Clinton's color is interesting. It's always kind of ruddy and pink. Almost as if he's gotten the pinkness from rubbing up against so many people. He gets his energy from being with people, from listening to their ideas, glomming onto them himself, adapting, adjusting, stealing. He's, he's got an active, he's got an understanding of how important it is to be in the world and to be exposed to the daily changes and it looks, his face looks as though all that face time has caused him to break out sort of. It looks a little irritated.

And then...... Little closed eyes, squinty eyes. Squinting in the glare of the sun light, of the day light, of the media light. Appearing, very busy appearing to be one thing. Or appearing to be having one experience or another, whether or not he's really having that. I think he's good enough, good enough of an actor to, like Reagan, to persuade himself that he's actually having an experience. Regardless of what he's, of what another person might be going through at that moment. Like when his mother died. How he went right off on a foreign trip. As if it were just an inconsequential event in his life. That scared me when I saw that. Cause I thought, you know this is a person who's so into control, so totally absorbed in what he thinks he should be doing, vis a vis the way he must seem, that he's willing to ignore something that's extraordinarily fundamental to the life of anyone. The loss of a parent.

The hair? It looks, looks like it's made of plastic. It never changes, or hardly changes. Except it went gray very fast. And I don't [know] what the story is behind that. I have a feeling that during the campaign he was told that gray hair would make him look more Presidential, so I think he let it go gray. Or he maybe even dyed it gray. But if you remember in '92, he had blond hair for a time. Then it abruptly changed.

I like the bags under his eyes. The man doesn't sleep. He's been up channel surfing, talking to people. Overdrawn on every account. The question is, what will he do next? After this campaign, he can't run for this anymore. So how, how will he behave if there's no more election to win. This is a big question for me.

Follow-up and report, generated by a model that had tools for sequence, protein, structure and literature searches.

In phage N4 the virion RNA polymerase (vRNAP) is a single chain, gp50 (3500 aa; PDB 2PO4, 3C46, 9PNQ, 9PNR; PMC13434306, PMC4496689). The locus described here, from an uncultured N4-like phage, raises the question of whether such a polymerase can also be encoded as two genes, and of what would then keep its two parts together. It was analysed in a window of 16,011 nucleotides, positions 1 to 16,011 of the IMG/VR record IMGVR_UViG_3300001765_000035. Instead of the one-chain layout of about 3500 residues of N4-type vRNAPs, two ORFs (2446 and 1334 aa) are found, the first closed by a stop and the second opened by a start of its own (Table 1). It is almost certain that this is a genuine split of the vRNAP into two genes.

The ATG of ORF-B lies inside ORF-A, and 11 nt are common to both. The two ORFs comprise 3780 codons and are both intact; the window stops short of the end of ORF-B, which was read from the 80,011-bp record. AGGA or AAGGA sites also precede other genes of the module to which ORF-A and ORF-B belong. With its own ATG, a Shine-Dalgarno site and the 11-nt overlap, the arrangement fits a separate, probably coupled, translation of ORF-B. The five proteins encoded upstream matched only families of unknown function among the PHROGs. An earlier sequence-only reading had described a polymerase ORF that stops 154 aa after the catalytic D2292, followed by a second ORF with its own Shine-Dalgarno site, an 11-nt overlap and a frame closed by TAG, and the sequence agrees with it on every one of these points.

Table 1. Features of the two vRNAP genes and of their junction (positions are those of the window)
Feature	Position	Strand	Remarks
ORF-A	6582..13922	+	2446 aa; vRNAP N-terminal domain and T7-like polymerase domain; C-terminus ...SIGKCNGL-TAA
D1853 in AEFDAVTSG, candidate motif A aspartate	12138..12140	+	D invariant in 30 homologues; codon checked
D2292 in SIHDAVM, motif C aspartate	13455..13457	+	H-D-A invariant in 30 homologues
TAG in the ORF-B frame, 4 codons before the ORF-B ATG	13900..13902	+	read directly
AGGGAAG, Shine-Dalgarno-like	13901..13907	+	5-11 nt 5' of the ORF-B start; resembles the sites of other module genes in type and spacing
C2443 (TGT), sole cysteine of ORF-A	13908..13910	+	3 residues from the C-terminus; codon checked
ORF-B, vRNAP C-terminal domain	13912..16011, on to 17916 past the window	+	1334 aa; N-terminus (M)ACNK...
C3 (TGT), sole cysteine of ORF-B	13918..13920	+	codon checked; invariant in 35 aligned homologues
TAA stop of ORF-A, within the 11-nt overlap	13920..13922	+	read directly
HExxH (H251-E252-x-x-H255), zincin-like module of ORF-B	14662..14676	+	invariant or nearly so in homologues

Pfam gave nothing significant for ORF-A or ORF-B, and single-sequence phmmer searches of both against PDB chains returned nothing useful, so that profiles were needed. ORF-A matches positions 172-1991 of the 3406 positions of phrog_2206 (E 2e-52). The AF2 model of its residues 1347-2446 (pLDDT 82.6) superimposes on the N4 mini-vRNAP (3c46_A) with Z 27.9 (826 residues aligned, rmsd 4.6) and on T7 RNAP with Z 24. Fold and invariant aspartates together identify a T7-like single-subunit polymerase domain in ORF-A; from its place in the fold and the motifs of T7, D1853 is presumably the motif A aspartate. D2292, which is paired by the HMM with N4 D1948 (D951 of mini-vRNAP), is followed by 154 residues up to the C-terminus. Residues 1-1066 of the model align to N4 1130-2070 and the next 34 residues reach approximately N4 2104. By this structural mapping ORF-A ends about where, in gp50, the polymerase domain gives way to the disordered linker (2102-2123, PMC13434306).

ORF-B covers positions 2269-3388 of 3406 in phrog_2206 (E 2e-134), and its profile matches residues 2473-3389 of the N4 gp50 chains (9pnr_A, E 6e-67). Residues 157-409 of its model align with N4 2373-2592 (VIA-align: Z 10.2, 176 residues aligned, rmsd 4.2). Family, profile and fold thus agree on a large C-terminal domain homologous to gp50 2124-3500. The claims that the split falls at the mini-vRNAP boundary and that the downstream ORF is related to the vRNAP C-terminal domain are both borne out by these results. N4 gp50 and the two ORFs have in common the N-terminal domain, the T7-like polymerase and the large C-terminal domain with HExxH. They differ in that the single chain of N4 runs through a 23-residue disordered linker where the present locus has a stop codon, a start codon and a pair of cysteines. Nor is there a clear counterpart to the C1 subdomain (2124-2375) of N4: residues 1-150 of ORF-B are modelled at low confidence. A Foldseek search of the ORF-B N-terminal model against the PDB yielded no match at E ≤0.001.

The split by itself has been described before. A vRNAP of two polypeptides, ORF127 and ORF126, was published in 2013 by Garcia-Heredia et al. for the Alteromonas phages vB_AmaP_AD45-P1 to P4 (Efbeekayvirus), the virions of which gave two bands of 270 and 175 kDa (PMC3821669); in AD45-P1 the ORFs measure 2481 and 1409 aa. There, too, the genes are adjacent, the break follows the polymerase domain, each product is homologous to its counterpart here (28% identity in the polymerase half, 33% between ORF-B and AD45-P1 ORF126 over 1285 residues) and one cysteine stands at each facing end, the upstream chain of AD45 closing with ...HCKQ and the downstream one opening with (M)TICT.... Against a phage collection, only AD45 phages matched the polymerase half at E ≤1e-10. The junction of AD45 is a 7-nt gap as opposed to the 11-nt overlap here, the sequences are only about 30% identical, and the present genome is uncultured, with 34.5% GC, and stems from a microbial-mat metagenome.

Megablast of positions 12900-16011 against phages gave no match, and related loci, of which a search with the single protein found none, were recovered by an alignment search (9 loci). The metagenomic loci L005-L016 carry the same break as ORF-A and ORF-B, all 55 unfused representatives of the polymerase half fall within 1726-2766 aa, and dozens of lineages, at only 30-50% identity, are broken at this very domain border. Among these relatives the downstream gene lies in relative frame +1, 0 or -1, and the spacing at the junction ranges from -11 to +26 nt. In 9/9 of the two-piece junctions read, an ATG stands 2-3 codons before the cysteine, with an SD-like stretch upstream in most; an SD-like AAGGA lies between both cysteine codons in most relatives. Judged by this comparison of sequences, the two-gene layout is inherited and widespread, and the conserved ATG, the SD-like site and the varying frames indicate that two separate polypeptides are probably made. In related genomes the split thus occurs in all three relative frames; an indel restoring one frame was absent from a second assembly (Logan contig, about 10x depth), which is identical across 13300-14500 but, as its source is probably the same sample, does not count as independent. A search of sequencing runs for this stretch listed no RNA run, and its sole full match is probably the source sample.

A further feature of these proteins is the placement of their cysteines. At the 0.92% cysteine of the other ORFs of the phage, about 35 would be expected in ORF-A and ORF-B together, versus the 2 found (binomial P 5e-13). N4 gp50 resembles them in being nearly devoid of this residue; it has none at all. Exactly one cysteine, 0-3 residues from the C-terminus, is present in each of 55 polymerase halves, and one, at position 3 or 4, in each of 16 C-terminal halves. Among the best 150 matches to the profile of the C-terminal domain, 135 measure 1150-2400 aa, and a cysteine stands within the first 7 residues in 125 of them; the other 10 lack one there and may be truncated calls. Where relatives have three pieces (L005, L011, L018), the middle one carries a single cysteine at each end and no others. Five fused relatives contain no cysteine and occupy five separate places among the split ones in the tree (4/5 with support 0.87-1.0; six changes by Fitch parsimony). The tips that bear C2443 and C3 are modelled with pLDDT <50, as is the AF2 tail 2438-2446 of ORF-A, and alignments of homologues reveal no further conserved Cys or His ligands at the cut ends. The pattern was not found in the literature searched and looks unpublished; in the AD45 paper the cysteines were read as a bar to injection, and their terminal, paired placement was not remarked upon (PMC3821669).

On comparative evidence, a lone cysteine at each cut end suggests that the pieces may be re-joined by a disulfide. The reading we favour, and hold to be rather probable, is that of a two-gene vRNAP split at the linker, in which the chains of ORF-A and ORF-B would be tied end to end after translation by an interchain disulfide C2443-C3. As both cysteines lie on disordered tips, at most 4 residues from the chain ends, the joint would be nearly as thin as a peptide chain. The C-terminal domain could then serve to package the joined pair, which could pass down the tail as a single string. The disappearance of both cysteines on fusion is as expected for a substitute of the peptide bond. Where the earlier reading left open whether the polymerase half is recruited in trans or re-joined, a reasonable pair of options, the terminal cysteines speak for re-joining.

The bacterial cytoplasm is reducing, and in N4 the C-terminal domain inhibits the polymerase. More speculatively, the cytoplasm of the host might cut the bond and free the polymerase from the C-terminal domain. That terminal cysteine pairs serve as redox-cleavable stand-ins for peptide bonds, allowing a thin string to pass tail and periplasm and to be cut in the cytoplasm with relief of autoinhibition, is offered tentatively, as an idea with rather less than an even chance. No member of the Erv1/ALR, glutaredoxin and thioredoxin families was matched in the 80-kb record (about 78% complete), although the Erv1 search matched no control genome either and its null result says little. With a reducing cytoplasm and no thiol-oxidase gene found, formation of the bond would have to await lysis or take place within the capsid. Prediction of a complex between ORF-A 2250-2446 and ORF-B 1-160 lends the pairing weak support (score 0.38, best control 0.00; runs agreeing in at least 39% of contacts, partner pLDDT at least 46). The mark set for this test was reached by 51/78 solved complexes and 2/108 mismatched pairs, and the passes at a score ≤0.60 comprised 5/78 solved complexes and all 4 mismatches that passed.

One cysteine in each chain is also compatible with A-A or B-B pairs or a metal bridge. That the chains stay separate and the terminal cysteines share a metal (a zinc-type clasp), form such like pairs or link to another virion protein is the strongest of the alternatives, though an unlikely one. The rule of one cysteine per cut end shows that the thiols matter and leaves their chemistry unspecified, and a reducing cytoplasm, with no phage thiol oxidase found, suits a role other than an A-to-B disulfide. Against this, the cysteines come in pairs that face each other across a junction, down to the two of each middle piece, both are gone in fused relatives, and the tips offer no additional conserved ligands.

He's a show horse. He's an animal that's been trained to perform and forget it's very basic nature. Show horse, or show dog, or a bear in a circus. I see him as a bear, kind of bear like kind of guy. Balancing on the ball, waiting for applause, waiting for a piece of meat. I think a lot about what he, he is, is about denying his basic nature. And disavowing his past and hiding. We may never get to know him.

I think we know Dole already. Don't you? I think we know him much better already because I think he's, he's not the show biz character that Clinton is. It's on the table, it's out there, he's easy to read. That's interesting. [laughter] He's more readable.

It's in his favor I think. It's something I like about Dole, that he's straight forward. That you know I am what I give my life. You know, when he says, he doesn't think tobacco is addictive. Well of course you wouldn't think so. You know? His whole life has been involved in receiving money from these people. How could he disavow his life. I mean it all makes, it all fits in, it make perfect sense. Whereas Clinton, you know, what does any of it mean. I get more of a sense of meaning from Dole. Dole's life has meaning. He's a well drawn character in a novel. But Clinton is more like a Dickensian Uriah Heep type. You know, changeable, scheming, quiet but, but ah not above board person. I darkened his hair too much.